A lightly regarded and superficial religion cannot endure, especially when it has no priesthood to foster its forms and to fill the hearts of the devotees with fear and awe. The Olympian religion did not promise salvation, nor did it quench the spiritual thirst of its believers; therefore was it doomed to perish. Within a millennium of its inception it had nearly vanished, and the Greeks were without a national religion, the gods of Olympus having lost their hold upon the better minds.
This was the situation when, during the sixth century before Christ, the Orient and the Levant experienced a revival of spiritual consciousness and a new awakening to the recognition of monotheism. But the West did not share in this new development; neither Europe nor northern Africa extensively participated in this religious renaissance. The Greeks, however, did engage in a magnificent intellectual advancement. They had begun to master fear and no longer sought religion as an antidote therefor, but they did not perceive that true religion is the cure for soul hunger, spiritual disquiet, and moral despair. They sought for the solace of the soul in deep thinking—philosophy and metaphysics. They turned from the contemplation of self-preservation—salvation—to self-realization and self-understanding.
By rigorous thought the Greeks attempted to attain that consciousness of security which would serve as a substitute for the belief in survival, but they utterly failed. Only the more intelligent among the higher classes of the Hellenic peoples could grasp this new teaching; the rank and file of the progeny of the slaves of former generations had no capacity for the reception of this new substitute for religion.
The philosophers disdained all forms of worship, notwithstanding that they practically all held loosely to the background of a belief in the Salem doctrine of “the Intelligence of the universe,” “the idea of God,” and “the Great Source.” In so far as the Greek philosophers gave recognition to the divine and the superfinite, they were frankly monotheistic; they gave scant recognition to the whole galaxy of Olympian gods and goddesses.
The Greek poets of the fifth and sixth centuries, notably Pindar, attempted the reformation of Greek religion. They elevated its ideals, but they were more artists than religionists. They failed to develop a technique for fostering and conserving supreme values.
Xenophanes taught one God, but his deity concept was too pantheistic to be a personal Father to mortal man. Anaxagoras was a mechanist except that he did recognize a First Cause, an Initial Mind. Socrates and his successors, Plato and Aristotle, taught that virtue is knowledge; goodness, health of the soul; that it is better to suffer injustice than to be guilty of it, that it is wrong to return evil for evil, and that the gods are wise and good. Their cardinal virtues were: wisdom, courage, temperance, and justice.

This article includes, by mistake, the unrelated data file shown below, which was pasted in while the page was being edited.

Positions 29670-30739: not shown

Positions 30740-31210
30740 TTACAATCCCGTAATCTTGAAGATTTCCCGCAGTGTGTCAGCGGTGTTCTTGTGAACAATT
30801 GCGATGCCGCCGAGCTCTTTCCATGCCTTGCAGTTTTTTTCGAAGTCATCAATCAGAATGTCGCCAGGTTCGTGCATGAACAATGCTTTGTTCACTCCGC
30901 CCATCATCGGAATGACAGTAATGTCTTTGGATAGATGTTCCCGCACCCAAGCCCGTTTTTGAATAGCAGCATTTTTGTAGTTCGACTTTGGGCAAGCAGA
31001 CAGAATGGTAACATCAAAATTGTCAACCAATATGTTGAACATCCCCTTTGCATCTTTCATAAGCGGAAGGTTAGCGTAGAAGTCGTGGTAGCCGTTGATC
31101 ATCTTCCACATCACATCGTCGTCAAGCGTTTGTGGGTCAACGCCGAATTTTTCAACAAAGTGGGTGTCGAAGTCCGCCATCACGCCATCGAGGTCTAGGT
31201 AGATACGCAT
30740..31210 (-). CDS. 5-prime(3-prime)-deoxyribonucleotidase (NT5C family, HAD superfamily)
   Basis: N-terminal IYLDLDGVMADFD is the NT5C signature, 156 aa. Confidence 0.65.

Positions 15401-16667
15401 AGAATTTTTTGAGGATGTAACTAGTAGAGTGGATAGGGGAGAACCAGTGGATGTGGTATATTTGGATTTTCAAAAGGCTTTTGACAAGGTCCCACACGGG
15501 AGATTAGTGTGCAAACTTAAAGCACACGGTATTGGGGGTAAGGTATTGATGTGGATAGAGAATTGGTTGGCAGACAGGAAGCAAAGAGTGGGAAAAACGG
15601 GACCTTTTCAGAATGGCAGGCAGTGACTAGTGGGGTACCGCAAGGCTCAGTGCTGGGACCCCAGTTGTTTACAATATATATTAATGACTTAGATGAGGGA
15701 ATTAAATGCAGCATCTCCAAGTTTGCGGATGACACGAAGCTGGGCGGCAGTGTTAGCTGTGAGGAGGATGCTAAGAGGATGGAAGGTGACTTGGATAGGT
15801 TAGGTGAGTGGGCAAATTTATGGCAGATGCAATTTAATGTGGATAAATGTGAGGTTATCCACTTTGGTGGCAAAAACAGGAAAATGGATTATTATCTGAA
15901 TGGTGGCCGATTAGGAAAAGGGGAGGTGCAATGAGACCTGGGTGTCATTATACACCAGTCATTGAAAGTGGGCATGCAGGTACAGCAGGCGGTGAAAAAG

The evolution of religious philosophy among the Hellenic and Hebrew peoples affords a contrastive illustration of the function of the church as an institution in the shaping of cultural progress. In Palestine, human thought was so priest-controlled and scripture-directed that philosophy and aesthetics were entirely submerged in religion and morality. In Greece, the almost complete absence of priests and “sacred scriptures” left the human mind free and unfettered, resulting in a startling development in depth of thought. But religion as a personal experience failed to keep pace with the intellectual probings into the nature and reality of the cosmos.
In Greece, believing was subordinated to thinking; in Palestine, thinking was held subject to believing. Much of the strength of Christianity is due to its having borrowed heavily from both Hebrew morality and Greek thought.
In Palestine, religious dogma became so crystallized as to jeopardize further growth; in Greece, human thought became so abstract that the concept of God resolved itself into a misty vapor of pantheistic speculation not at all unlike the impersonal Infinity of the Brahman philosophers.
But the average men of these times could not grasp, nor were they much interested in, the Greek philosophy of self-realization and an abstract Deity; they rather craved promises of salvation, coupled with a personal God who could hear their prayers. They exiled the philosophers, persecuted the remnants of the Salem cult, both doctrines having become much blended, and made ready for that terrible orgiastic plunge into the follies of the mystery cults which were then overspreading the Mediterranean lands. The Eleusinian mysteries grew up within the Olympian pantheon, a Greek version of the worship of fertility; Dionysus nature worship flourished; the best of the cults was the Orphic brotherhood, whose moral preachments and promises of salvation made a great appeal to many.
All Greece became involved in these new methods of attaining salvation, these emotional and fiery ceremonials. No nation ever attained such heights of artistic philosophy in so short a time; none ever created such an advanced system of ethics practically without Deity and entirely devoid of the promise of human salvation; no nation ever plunged so quickly, deeply, and violently into such depths of intellectual stagnation, moral depravity, and spiritual poverty as these same Greek peoples when they flung themselves into the mad whirl of the mystery cults.
Religions have long endured without philosophical support, but few philosophies, as such, have long persisted without some identification with religion. Philosophy is to religion as conception is to action. But the ideal human estate is that in which philosophy, religion, and science are welded into a meaningful unity by the conjoined action of wisdom, faith, and experience.